Digital Asia News Update
KUALA LUMPUR: An online service that helps you plan your own funeral. An app that tracks debts your friends owe you. A platform to help clueless car owners choose parts.
These are just some examples of the unique apps and online services developed by Malaysian entrepreneurs today.
And their creative spark in catering to specific consumer needs is putting Malaysia on track to becoming a leader in developing digital apps in the region, says the National ICT (Information and Communications Technology) Association of Malaysia or Pikom.
Pikom chairman Ganesh Kumar Bangah said it was becoming a trend for niche apps in Malaysia to be developed and more were expected to emerge in future.
“Our entrepreneurs are becoming more intelligent and innovative, building more successful apps and businesses online.
“As they cater to new and smaller markets, it is only natural for such need-based niche apps to be created,” he told Sunday Star recently.
Ganesh said Malaysia had the right ingredients to take the lead in South-East Asia’s digital economy: a talented pool of entrepreneurs and a tech-savvy society.
Malaysia has one of the highest Internet penetrations in South-East Asia at 85.7% and mobile penetration at almost 140%, making it one of the fastest growing emerging e-commerce markets in the region.
“We are at the right stage.
“We are not too small like Singapore nor too diverse like Indonesia.
“That makes us a good testing ground to launch products across South-East Asia, where its digital economy is expected to grow from US$50bil (RM205.3bil) to US$250bil (RM1.03 trillion) over the next seven years.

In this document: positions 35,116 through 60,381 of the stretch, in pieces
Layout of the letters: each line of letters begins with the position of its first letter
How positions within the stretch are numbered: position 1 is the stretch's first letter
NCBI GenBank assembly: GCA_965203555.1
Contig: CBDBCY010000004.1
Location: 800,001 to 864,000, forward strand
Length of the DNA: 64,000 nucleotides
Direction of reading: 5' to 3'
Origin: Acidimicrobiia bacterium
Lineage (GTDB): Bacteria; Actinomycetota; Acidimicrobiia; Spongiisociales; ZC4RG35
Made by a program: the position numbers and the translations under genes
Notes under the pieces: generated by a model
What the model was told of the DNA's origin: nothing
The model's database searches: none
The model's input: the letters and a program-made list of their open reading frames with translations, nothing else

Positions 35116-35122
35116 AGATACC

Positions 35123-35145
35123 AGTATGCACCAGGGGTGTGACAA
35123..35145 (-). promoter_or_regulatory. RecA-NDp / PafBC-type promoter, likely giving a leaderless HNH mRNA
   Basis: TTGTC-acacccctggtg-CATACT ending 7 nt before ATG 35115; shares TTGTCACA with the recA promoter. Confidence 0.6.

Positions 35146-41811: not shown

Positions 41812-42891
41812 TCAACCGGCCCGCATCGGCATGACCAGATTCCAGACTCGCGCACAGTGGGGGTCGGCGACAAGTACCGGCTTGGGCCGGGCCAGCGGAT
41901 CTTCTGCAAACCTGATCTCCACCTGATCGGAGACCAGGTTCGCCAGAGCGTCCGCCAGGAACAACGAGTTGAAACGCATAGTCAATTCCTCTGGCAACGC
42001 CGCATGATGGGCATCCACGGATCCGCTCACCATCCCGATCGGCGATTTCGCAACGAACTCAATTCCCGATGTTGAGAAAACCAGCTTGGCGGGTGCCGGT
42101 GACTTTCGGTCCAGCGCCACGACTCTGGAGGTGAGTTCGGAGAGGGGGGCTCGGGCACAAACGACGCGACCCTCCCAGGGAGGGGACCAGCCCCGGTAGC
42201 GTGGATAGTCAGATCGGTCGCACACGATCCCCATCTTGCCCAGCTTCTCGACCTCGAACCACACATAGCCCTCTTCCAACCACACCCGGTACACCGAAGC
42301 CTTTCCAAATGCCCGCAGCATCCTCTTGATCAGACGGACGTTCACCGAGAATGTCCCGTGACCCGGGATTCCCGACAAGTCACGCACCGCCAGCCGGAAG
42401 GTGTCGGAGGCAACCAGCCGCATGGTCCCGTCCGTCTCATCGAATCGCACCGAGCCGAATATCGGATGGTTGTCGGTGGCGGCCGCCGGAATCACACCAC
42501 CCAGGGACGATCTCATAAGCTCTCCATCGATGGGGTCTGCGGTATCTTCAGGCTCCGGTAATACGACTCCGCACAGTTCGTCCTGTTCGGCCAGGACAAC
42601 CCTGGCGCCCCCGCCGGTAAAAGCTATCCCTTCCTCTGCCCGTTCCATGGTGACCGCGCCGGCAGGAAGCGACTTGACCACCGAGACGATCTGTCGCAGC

“If you look at one of the biggest leaders in the digital economy today, it is Grab, which was started in Malaysia.
“So we are a good petri dish for launching apps and finding product market fits, and helping these businesses to grow internationally,” said Ganesh, who heads the association commanding 80% of the total ICT trade here.
Companies which assist start-ups, known as “accelerators”, have also noticed the growth of businesses serving unique needs.
“In the last few years, we have witnessed the emergence of more niche start-ups.
“This is a refreshing and positive change in the tide of the local ecosystem because it gives opportunities to bright entrepreneurs who did not fit previous trends,” said Code Army founder Zafrul Noordin.
He added that this situation was also a reflection of the unique demands and needs of Malaysian consumers which had evolved.
“We also cannot ignore the millennial market, which comprises a huge chunk of Malaysian consumers who prefer to use gadgets, apps, and online resources for their daily needs.
“It is hugely their collective demand for convenience at their fingertips that many of these niche apps and start-ups are formulated,” Zafrul said.
Recently, the Department of Statistics Malaysia projected that the e-commerce growth rate in Malaysia would almost double, from 10.6% in 2016 to 20.8% by 2020.
In the same line, Pikom had also predicted that the total ICT contribution to Malaysia’s gross domestic product would grow from RM164.9bil in 2016 to about RM177.7bil in 2017.
Malaysia Digital Economy Corporation chief executive officer Datuk Yasmin Mahmood said the nation’s merchants, SMEs, industries and consumers were forging ahead to digitalise Malaysia’s proud tradition as a global trading nation.
“These are stepping stones to even greater things: Malaysia is now moving up the value chain and trading in ideas, innovation and new technologies in a spirit of collaboration across different sectors,” she said recently.
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